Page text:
At a recent meeting of the Urban Land Institute, delegates discussed what urban development will look like in the 21st Century -- and what it will need to be successful.
How do some of America's best minds in the real estate and urban development game -- leaders and friends of the Urban Land Institute -- react to projections of 100 million more people by 2043?
Notably, the development community's reaction to coming waves of population isn't just rah-rah for new moneymaking opportunities. Instead, the ULI leaders and advisers focused on goals rarely mentioned in their circles a decade ago: sustainability (with special reference to energy and climate change challenges), equity (focused on the growing income gulf between American classes and races), and international competition (how our citistate regions can compete globally).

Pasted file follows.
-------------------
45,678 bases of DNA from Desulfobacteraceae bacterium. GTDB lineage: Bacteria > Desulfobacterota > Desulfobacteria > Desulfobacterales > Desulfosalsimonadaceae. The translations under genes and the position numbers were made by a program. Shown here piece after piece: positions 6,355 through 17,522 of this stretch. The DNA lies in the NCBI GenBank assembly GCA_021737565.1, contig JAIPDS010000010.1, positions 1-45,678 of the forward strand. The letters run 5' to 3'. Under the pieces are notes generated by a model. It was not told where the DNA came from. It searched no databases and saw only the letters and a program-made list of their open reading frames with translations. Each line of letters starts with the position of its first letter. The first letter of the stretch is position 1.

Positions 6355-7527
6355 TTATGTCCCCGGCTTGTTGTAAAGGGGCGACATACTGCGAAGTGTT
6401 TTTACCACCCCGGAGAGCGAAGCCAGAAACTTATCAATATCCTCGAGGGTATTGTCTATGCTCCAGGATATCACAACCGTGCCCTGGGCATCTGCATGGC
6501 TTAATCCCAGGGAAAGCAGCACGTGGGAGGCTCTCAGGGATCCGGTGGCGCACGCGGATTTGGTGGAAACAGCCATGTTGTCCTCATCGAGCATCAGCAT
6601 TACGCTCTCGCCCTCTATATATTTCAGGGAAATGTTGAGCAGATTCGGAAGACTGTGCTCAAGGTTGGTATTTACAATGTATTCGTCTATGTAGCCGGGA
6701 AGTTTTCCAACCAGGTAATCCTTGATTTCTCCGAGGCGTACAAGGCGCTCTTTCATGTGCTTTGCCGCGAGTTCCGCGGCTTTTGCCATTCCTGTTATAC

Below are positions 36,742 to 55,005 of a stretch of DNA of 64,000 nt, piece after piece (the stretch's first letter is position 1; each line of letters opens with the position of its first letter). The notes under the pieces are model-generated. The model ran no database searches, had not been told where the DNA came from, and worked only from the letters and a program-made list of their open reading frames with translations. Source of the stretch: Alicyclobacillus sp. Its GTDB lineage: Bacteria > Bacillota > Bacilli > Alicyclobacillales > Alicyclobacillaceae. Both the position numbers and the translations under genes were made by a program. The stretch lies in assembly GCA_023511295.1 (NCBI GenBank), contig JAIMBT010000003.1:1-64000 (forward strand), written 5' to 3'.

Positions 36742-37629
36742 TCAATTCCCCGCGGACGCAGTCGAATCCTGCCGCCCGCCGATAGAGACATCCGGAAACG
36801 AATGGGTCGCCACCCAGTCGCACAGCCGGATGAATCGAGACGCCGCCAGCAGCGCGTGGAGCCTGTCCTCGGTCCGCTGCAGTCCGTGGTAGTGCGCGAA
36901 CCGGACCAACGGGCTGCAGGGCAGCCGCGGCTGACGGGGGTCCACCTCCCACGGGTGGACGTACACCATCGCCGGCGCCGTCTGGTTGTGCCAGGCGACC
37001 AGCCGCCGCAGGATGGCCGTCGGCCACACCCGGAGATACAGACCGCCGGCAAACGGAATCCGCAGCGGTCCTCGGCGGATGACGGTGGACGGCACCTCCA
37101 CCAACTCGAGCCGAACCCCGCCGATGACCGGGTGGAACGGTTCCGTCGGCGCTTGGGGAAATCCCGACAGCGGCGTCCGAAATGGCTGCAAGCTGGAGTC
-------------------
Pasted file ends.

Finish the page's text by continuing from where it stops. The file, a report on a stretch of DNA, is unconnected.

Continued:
The physical chessboard will be different. Unlike the traditional city-suburb-"exurb" pattern of the 1950-2000 period, the emerging "megapolitan" regions show commuting patterns linking, "daisy-chaining" and filling in once-empty spaces between formerly separate places as much as 100 miles apart. Employment is split among the historic downtowns and new suburban office centers. Some people endure incredibly long commutes among parts of these regions, or, in a sure-to-grow phenomenon, telecommute from amazing distances, visiting their formal offices only occasionally.